Such was the scene earlier this week in Outremont, a neighborhood of Montreal I happened to be visiting. This part of Outremont is home to Hasidic Jews. The community has grown in recent years and now numbers more than 15,000. It subsists peacefully with the urban professionals who share the neighborhood in spite of occasional tension. Not long ago there was a controversy. The Orthodox Jews paid for new tinted windows in the local YMCA. Apparently, their teenaged boys were gathering outside a nearby school to watch the women in the Y work out in scanty clothing. Some non-Jewish residents said the new windows were an offense to religious freedom and made yoga exercises more difficult. 

This neighborhood is emphatically patriarchal. I will never be an Orthodox Jew and yet this is my tradition, more familiar to me than the sterile, childless no-man’s land that passes for a neighborhood in most parts of America. This sort of patriarchy doesn’t mean imprisonment for women. It means freedom from Sex and the City. It doesn’t mean women never work or never make money. It means a peaceable order, and a new and abundant generation. It means men confidently strolling down the street.  It brings people out of their homes and into the neighborhood, laughing and talking, running and playing.

Interestingly, these Orthodox Jews survive in the modern economy. How is it they can afford all these children and all these wives at home? Haven’t they heard that all this is no longer possible?

 

DSCF9465 by christopher dewolf | urbanphoto.net.

 

DSCF9567 by christopher dewolf | urbanphoto.net.

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The Perennial Bride

August 4, 2009

 

 

Used with permission, Lydia Sherman

 

Some women never lose their first ardor for home. They are perennial brides, their wedding day having been the entry point into a universe that is ever-new and stimulating. Affection this strong cannot help but inspire others. Lydia Sherman grew up on an Alaska homestead and then became a housewife in the West. She has been blogging since 2005 and has a large and loyal following, for her simple crafts and sewing, her reflections on home in a world that disdains domesticity, and her memories of a rugged Northern childhood. Her blog, Living at Home, captures the soul of the American home. This is our tradition. This is our heritage, so often hidden from view. Here are selections from Lydia at her best:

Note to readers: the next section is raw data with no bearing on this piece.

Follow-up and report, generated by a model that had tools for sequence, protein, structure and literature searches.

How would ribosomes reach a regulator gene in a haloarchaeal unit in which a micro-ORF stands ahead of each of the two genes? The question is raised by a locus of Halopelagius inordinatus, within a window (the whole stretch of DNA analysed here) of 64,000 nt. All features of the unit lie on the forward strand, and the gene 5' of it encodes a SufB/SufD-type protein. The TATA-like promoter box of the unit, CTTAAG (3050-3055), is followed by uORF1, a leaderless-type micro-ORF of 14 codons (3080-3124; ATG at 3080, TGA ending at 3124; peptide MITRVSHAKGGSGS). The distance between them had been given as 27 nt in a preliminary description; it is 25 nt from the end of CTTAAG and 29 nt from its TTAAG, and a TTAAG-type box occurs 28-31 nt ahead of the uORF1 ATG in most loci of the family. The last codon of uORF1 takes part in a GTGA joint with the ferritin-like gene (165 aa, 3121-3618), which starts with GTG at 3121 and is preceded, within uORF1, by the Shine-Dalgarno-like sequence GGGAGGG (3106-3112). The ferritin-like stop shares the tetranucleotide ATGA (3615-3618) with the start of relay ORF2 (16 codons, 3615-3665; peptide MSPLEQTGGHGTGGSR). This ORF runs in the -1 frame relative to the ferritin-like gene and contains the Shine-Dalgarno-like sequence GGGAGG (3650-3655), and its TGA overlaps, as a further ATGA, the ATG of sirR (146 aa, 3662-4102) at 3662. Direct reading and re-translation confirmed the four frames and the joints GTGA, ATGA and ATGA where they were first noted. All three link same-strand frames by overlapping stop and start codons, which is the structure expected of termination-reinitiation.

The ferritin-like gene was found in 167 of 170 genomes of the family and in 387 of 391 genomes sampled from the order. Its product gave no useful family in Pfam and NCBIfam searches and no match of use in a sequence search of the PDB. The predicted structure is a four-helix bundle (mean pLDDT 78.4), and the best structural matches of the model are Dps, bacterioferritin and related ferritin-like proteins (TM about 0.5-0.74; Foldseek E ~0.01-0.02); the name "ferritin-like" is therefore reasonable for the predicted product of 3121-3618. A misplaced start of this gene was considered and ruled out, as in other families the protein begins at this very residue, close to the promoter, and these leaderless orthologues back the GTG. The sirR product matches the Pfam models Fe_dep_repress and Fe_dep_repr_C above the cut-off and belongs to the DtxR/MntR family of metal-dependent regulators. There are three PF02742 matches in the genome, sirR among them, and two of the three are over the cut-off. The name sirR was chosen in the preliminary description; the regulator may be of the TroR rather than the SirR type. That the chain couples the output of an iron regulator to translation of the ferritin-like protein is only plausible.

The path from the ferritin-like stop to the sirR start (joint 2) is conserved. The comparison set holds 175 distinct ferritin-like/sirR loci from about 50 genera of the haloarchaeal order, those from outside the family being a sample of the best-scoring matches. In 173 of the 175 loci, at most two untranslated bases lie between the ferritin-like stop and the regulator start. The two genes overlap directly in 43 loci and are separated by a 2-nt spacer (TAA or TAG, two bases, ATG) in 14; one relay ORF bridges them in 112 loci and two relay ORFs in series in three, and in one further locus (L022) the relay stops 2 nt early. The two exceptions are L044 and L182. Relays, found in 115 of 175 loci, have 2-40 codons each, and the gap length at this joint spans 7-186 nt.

From The Woman in the Window, Sewing:

Because the neighborhood was so dark and lonely, I always felt a warm reassurance upon seeing the woman in the window, sewing. I cannot explain all the thoughts I had but here are some: somehow, I thought that she was very brave. She was not ashamed of her homemaking and was not self-conscious about being seen in the window, sewing. It brought back memories of my mother singing while she swept the front porch. The other feeling was that it somehow made the world better. It showed that no matter what the current news media hype or world threat was, the woman in the window was still going about her daily work and taking her duties seriously. And still another feeling it gave me is one of wanting to go home and be very creative and industrious. The sight of her in that window was like a light in the darkness.

 

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Virginity for Sale

June 10, 2009

Mark Richardson, at Oz Conservative, has interesting commentary on a feminist’s reaction to a Roumanian woman who auctioned her virginity on the Internet for $20,000. To a feminist, a woman’s chastity could not conceivably be more significant than a man’s.

 

The Coming Storm

June 2, 2009

 

Over at  Lawrence Auster’s View from the Right, in an interesting thread on whether traditionalists should withdraw to safe territory or fight it out at home, commenter Vivek G., in advocating the latter option, talks like a true Crusoe:

 And we need to begin wherever we are. There can be informal co-operation amongst various traditionalist movements even across national boundaries, but that may just be desirable, not a must. If we fail in this, we have to fall back on the John Galt option. Since the necessary homework is more or less the same for both of these options, it can be advantageous to try the take-over option before the other. 

I concede that this may sound fascist to Liberals, Muslims, and Commies; but what can one do if this is the only option? And Liberals, Muslims, and Commies call anything and everything they dislike, fascism. But I firmly believe that our society has as much right to survive, if not more, as Liberal, Muslim or Commie societies have. And if they threaten our survival, we must take adequate measures. We have been blind until now to their taking us over. Now it is time for us to be strong enough to take over them.

I couldn’t agree more. Don’t wait for others to join you. Start now, on your own island.